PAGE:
This community knows what suffering and discrimination look like. They are Gumuz, which is an ethnic minority in northern Ethiopia. They were sold as slaves in the country and for generations, the rest of the nation despised them.
A group of Comboni missionaries arrived in Ethiopia back in the year 2000. Their first mission came about in 2003. Their main goal is to help the Gumuz people. Now a documentary gives some insight into how they make that happen.
"My name is Juan González Núñez and I'm a Comboni missionary in Ethiopia.”
The production is directed by Spaniard Gonzalo Guajardo, a journalist who was impressed by a book authored by a Comboni missionary.
"This documentary is a way to recognize what these missionaries are doing. I documented their work, recorded it, and now I'm showing it. I think that everybody can admire their work, regardless of their personal beliefs.”
The 27-minute-long film follows the everyday life of a missionary. In the morning Juan Gonzalez teaches at schools founded by his order. He also works directly in the villages and he does rounds in local hospitals.
"Here, the clinics only have testing for Malaria. So you can get tested for it, but that's about it. The care is very basic.”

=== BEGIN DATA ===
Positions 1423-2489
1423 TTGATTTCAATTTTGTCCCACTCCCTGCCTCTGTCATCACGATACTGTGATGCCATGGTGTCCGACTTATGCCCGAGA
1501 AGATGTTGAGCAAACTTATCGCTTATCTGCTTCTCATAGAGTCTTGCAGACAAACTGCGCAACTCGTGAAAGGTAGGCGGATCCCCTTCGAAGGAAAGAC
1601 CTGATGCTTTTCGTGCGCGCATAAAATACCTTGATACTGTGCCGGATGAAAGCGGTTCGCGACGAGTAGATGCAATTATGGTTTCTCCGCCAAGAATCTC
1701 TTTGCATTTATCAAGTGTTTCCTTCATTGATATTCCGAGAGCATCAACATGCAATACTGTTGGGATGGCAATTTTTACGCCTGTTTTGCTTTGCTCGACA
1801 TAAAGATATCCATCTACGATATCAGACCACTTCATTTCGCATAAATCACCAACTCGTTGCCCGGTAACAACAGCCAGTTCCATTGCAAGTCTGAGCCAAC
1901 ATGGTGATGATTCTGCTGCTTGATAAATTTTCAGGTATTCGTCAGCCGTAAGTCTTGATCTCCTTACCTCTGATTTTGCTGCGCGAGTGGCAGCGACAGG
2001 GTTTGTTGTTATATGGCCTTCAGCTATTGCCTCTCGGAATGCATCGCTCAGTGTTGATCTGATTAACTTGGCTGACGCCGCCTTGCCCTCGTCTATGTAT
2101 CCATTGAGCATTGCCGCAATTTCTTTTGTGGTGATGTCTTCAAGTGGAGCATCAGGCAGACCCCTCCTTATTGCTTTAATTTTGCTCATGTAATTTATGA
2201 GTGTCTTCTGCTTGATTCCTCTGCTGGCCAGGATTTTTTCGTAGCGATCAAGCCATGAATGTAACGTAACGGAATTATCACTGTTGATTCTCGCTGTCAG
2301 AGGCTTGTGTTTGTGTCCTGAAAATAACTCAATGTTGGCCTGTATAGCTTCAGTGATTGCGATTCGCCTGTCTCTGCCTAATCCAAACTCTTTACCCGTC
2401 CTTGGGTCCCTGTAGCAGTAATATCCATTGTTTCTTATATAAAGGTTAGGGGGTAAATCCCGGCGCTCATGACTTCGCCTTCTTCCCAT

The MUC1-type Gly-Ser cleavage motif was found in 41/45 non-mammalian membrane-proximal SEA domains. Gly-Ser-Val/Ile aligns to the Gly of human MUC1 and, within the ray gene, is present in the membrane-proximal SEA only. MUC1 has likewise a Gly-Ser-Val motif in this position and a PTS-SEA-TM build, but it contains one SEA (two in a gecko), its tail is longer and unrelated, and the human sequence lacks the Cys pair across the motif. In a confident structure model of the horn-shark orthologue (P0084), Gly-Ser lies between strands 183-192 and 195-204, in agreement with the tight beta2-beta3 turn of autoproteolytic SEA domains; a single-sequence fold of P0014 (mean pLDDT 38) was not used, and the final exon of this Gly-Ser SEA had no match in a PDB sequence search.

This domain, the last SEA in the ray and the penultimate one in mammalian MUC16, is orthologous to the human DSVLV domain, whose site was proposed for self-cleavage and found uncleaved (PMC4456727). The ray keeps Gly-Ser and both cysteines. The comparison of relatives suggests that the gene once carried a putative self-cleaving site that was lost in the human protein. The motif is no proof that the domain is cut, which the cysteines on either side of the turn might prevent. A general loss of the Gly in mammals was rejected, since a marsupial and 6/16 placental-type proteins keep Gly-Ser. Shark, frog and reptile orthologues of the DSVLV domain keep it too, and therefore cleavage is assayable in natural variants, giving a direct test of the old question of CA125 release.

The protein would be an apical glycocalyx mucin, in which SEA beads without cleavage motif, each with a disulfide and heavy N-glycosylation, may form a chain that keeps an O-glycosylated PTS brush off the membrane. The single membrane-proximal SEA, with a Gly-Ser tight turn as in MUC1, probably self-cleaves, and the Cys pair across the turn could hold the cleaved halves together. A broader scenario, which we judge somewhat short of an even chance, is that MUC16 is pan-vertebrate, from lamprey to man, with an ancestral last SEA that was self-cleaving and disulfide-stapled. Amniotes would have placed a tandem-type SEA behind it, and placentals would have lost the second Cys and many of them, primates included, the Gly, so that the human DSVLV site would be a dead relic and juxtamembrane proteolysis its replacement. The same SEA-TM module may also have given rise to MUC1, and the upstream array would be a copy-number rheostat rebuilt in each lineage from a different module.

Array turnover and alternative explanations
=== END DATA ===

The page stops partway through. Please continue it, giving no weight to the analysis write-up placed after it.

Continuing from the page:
The documentary was recorded in a weekend. Ultimately, the producer wanted to see how the Gospel is explained to cultures that live out in the outskirts of society.
"I wanted to see how missionary work is carried out in Africa. Is it based on intrusion, imposition or rather a proposition?”
As a missionary, Juan González Núñez has lived in Ethiopia for 25 years working side by side with the needy. Just like him, there are roughly 14,000 Spanish missionaries throughout the world, spreading the Gospel.
"We speak of the harvest where the Lord rules the field. We are workers and our responsibility is to sow. That's what we do. If fruits come about, we'll give thanks to God. If nothing blooms, we'll still give thanks to God.”